History was made on Friday January 7, when an American man received a heart from a genetically modified pig.
History made: pig's heart successfully transplanted into a man
It creates the pulse, it creates the pressure, it is his heart - Dr Bartley Griffith
Doctors at the University of Maryland successfully transplanted a genetically engineered heart into David Bennett Sr, a 57-year-old man with life-threatening heart disease.
According to the surgeons Bennett was doing well on Monday with vitals indicating that a heart from a genetically modified animal can function in the human body without immediate rejection.
“It creates the pulse, it creates the pressure, it is his heart,” said Dr Bartley Griffith, the director of the cardiac transplant program at the medical center, who performed the operation.
“It’s working and it looks normal. We are thrilled, but we don’t know what tomorrow will bring us. This has never been done before.”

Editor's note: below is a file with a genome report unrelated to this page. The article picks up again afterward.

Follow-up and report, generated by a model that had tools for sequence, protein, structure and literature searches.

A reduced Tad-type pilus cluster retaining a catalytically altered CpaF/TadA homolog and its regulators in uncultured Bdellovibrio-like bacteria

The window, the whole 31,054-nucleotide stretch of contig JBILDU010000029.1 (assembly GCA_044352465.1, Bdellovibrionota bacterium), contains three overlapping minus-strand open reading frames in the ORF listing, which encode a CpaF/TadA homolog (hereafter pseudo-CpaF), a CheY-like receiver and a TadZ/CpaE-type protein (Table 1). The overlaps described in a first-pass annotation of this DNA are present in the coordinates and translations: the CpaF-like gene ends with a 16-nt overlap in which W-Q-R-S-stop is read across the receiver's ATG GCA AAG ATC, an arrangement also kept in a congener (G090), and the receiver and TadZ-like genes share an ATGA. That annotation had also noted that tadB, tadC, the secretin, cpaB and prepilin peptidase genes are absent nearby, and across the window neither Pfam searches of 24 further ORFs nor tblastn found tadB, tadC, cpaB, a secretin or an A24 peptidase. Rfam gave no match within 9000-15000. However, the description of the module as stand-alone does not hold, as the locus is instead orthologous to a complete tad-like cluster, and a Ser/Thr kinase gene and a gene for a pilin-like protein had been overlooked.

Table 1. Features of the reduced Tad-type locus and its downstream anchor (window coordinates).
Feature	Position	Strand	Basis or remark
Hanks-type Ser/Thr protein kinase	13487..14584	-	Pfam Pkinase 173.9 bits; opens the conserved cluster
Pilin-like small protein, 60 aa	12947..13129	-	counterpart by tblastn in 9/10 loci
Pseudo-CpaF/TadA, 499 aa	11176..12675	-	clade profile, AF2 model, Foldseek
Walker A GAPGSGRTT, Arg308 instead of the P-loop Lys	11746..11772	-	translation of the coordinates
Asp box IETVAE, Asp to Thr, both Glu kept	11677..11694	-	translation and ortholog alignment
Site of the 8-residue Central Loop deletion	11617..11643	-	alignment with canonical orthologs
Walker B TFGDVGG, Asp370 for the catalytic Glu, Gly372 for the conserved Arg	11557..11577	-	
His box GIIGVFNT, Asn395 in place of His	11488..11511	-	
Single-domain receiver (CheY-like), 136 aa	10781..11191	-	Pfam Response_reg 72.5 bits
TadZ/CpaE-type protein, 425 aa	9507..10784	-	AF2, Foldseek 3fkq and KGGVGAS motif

“It was either die or do this transplant. I want to live. I know it’s a shot in the dark, but it’s my last choice,” Bennett said a day before the surgery, according to a statement provided by the University of Maryland School of Medicine.
Animal-to-human transplants, or xenotransplants, have the potential to shorten organ transplant waiting lists. But xenotransplantation technology is far from receiving global approval for use in human trials.
According to the doctors, success of xenotransplantation could depend on whether scientists find enough patients to participate in dangerous transplant trials, and that raises important ethical questions about consent.
Pig hearts are the most similar to human hearts, and pig valves have been used for years in human valve surgery.
“Rushing into animal-to-human transplants without this information would not be advisable,” Karen Maschke, a research scholar at the Hastings Center who is helping develop ethical guidelines for such transplants, told The Associated Press.
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